By Eric Schweibenz
On October 21, 2009, ALJ Carl C. Charneski issued the public version (dated August 21, 2009) of the Recommended Determination on Remedy and Bonding (“RD”) in Certain Variable Speed Wind Turbines and Components Thereof (Inv. No. 337-TA-641).  In the RD, ALJ Charneski recommended (1) that a limited exclusion order issue; (2) a cease and desist order not issue as to any respondent; and (3) if the Commission issues an exclusion order, the Presidential review period bond should be set at 100% of the entered value of any covered product.

By way of background, the Complainant in this investigation is General Electric Co. (“GE”) and the Respondents are Mitsubishi Heavy Industries, Ltd. (“MHI”), Mitsubishi Heavy Industries America, Inc. (“MHIA”), and Mitsubishi Power System, Inc. (“MPSA”) (collectively, “Mitsubishi”).  On August 7, 2009, ALJ Charneski issued the initial determination in this investigation, finding that a violation of Section 337 had occurred in the importation into the U.S., the sale for importation, and the sale within the U.S. after importation of certain variable speed wind turbines and components thereof.  See our August 10 and October 8 posts for more details about the current status of this investigation.

Regarding remedy, ALJ Charneski recommended that if a violation of Section 337 is found, a limited exclusion order should issue that is directed to MHI and MPSA in view of these parties’ stipulation “that they have sold for importation, imported and, or, sold after importation into the United States, the accused Mitsubishi turbines.”  As to whether a cease and desist order should issue in this investigation, ALJ Charneski rejected GE’s request since it was not raised by GE in its prehearing statement, but rather was raised for the first time in GE’s post-hearing brief.  ALJ Charneski thus determined that “the issue of whether a cease and desist order should issue here was untimely raised, and the request must be rejected.”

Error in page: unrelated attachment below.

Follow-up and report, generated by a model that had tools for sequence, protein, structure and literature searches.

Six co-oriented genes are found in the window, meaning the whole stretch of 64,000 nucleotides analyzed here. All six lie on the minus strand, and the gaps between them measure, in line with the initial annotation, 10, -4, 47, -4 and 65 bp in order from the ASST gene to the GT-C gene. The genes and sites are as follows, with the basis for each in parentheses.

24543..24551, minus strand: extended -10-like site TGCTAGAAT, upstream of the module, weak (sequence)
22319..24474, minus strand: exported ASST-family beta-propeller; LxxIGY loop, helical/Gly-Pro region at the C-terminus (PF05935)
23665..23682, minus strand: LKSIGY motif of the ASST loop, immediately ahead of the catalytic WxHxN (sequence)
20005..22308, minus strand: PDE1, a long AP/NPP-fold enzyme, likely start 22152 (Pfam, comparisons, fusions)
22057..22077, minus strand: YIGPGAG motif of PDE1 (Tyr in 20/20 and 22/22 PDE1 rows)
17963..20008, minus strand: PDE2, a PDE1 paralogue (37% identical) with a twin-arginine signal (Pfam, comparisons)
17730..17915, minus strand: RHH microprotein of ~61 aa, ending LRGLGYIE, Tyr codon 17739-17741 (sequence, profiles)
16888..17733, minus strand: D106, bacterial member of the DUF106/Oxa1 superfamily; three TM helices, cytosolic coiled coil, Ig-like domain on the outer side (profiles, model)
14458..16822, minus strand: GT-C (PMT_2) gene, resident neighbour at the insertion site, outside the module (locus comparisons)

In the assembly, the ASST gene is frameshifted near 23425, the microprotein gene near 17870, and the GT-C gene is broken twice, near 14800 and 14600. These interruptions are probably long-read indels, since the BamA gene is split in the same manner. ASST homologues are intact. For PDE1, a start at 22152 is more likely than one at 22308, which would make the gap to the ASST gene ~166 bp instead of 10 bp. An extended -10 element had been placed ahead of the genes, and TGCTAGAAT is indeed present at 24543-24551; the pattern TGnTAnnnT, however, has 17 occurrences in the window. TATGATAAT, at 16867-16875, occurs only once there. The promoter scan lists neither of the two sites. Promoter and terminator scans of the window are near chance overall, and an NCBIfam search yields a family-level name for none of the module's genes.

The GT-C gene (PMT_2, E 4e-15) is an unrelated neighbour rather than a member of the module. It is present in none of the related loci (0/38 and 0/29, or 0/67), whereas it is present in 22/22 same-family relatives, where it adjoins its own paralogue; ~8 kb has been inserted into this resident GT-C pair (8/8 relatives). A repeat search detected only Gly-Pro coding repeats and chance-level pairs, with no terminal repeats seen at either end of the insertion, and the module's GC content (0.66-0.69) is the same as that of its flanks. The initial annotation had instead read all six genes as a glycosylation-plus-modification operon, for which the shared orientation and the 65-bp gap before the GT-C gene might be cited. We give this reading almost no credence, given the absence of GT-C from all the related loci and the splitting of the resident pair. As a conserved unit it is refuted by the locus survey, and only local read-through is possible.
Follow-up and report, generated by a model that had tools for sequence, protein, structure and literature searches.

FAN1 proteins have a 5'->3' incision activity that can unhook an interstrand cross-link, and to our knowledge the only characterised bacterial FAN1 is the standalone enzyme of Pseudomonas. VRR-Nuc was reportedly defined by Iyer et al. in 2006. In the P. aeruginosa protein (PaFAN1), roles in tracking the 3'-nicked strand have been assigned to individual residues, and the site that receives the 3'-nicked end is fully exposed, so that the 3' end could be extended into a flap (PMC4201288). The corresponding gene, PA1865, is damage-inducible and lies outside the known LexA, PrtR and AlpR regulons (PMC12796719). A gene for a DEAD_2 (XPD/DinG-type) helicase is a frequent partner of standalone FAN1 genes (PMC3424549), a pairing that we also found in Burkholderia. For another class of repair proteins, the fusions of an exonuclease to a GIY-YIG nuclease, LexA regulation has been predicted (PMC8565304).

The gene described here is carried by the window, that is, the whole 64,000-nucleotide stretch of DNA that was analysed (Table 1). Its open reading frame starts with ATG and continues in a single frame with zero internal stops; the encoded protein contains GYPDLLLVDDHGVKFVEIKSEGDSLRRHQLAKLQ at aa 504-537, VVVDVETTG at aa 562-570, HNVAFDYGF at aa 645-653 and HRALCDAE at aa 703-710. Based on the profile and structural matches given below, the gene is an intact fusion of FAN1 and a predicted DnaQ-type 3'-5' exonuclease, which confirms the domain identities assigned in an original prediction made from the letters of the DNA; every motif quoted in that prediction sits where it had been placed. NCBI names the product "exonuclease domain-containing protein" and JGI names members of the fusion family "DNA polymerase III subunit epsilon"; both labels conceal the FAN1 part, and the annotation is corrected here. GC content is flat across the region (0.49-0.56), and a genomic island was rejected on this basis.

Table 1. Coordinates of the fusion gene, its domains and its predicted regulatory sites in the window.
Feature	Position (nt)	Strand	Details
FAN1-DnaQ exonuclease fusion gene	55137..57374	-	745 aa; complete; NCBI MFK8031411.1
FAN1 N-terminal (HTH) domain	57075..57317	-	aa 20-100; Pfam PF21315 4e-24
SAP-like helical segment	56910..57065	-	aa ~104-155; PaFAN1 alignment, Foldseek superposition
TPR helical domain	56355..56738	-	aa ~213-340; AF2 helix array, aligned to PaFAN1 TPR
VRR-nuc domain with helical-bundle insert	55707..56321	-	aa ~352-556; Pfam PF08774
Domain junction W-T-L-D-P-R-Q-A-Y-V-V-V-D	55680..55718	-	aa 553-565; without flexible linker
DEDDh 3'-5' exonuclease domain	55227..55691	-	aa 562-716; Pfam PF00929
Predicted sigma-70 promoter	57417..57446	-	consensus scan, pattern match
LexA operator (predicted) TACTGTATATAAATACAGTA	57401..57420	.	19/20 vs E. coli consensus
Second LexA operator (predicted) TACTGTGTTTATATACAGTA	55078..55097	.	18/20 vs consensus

With respect to bond, ALJ Charneski noted that “no party relies on price information with respect to the issue of bond” and “there is inadequate evidence to permit an alternate method of bond calculation, such as the calculation of a reasonable royalty rate.”  According to the RD, while the “Mitsubishi respondents have calculated the midpoint dollar amount of the royalties required by various GE licenses,” it was “not established that the licenses used in the calculation are comparable to the extent that the midpoint accurately represents a reasonable royalty rate.”  Accordingly, ALJ Charneski recommended that a 100% bond be required of Mitsubishi during the Presidential review period.